Catholic school lessons are lifelong, Bishop says

0
350

“Fear not. God is with you.”

After Mass at Camden Catholic High School in Cherry Hill on Sept. 20, Bishop Dennis Sullivan greets Dorothea Moore Riegert, 100, who graduated from the school in 1936. Sitting next to her is her sister, Mary Moore Olsen, 95, from the class of 1942. Photo by Mike Walsh

Bishop Dennis Sullivan took this simple but strong message to Camden Diocesan high schools as he celebrated the Mass of the Holy Spirit – a traditional liturgy to start a new year of learning and growth in a Catholic faith community. He reminded students, faculty and administrators that celebrating and growing in faith is what makes Catholic schools different.

“Education is work. Learning is work. Teaching is work,” he acknowledged. At the same time, he offered assurance of the Holy Spirit’s presence in all aspects of that work: studying, teaching, guiding and directing. He asked all members of the faith community to make room for the Holy Spirit.

Bishop Sullivan encouraged students to face, rather than run from, struggles at home, with friends or in school. Recalling the Scripture readings for the day, he said, “Remember God is among you. Remember God is with you. … Fear not.” 

Making the shift to a contemporary reference, Bishop talked about the movie “Peanut Butter Falcon,” currently playing in theaters. “I can’t stop thinking about [the movie],” he said. He explained the premise — a young man with Down syndrome and a petty thief who find themselves on a journey together. He described the genuine friendship the men develop and the way the thief’s respect for the man with Down syndrome grows, calling it a great pro-life film.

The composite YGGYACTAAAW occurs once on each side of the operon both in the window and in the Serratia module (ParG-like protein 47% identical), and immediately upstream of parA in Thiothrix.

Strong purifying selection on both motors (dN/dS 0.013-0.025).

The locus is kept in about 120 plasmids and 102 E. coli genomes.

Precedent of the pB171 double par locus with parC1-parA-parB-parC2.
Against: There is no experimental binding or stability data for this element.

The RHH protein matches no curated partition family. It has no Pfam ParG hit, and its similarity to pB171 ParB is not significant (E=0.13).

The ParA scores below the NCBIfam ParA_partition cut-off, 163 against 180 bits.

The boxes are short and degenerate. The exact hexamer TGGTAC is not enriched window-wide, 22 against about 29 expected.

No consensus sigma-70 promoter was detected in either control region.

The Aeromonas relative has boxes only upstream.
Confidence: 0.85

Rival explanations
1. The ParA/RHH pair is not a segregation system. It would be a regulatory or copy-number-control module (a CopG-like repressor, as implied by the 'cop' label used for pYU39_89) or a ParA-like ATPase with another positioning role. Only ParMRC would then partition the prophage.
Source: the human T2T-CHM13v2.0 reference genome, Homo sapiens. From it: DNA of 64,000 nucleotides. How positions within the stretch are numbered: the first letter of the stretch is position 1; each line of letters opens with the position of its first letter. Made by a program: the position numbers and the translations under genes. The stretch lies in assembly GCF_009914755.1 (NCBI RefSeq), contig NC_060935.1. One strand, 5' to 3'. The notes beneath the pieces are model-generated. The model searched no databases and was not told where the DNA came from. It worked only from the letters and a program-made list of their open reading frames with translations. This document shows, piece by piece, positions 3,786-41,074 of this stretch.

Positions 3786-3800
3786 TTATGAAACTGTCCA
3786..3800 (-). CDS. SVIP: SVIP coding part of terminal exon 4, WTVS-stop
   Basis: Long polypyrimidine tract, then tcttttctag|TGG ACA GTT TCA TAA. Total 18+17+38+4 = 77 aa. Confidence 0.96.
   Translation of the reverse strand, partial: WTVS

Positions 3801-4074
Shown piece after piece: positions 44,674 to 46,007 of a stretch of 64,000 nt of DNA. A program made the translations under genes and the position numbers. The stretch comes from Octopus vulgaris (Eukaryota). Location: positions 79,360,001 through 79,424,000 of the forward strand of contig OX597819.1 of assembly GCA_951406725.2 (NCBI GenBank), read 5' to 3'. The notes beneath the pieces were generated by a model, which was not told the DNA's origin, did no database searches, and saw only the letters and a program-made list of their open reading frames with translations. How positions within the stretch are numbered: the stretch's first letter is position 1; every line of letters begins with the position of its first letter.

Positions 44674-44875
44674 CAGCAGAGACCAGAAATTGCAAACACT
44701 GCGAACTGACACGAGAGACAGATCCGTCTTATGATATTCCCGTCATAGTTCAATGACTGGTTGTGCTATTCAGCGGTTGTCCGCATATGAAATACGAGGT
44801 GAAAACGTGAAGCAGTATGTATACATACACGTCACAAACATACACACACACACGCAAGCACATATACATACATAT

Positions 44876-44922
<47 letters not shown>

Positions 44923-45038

“When I saw the movie I thought, ‘That is what Catholic school is all about,’” he said. “We are here for you students so you make a difference in other people’s lives, now and in the future … to help you grow in Christ.” He reminded students of the need to serve and respect others, especially the poor, and assured them of Christ’s presence through the Holy Spirit. He also encouraged them to reach out for help if they find themselves feeling alone. “There are wonderful people at school who can help you,” he said. 

At Saint Joseph High School in Hammonton, student council representatives welcomed Bishop Sullivan for breakfast. Camden Catholic High School, Cherry Hill, invited alumni who graduated 70 or more years ago. These alums, along with student leaders, spent time at a reception with Bishop Sullivan after Mass. His trip to the shore took Bishop Sullivan to Wildwood Catholic High School, where he met with student council representatives, and then to Holy Spirit High School, Absecon, where he had lunch with a group of students. At Gloucester Catholic High School, Bishop Sullivan was present for student council induction and a reception.

The week of high school Masses was scheduled to end when Bishop Sullivan celebrated with the community of Paul VI High School, Haddonfield, on Sept. 26, the birth date of the school’s patron saint.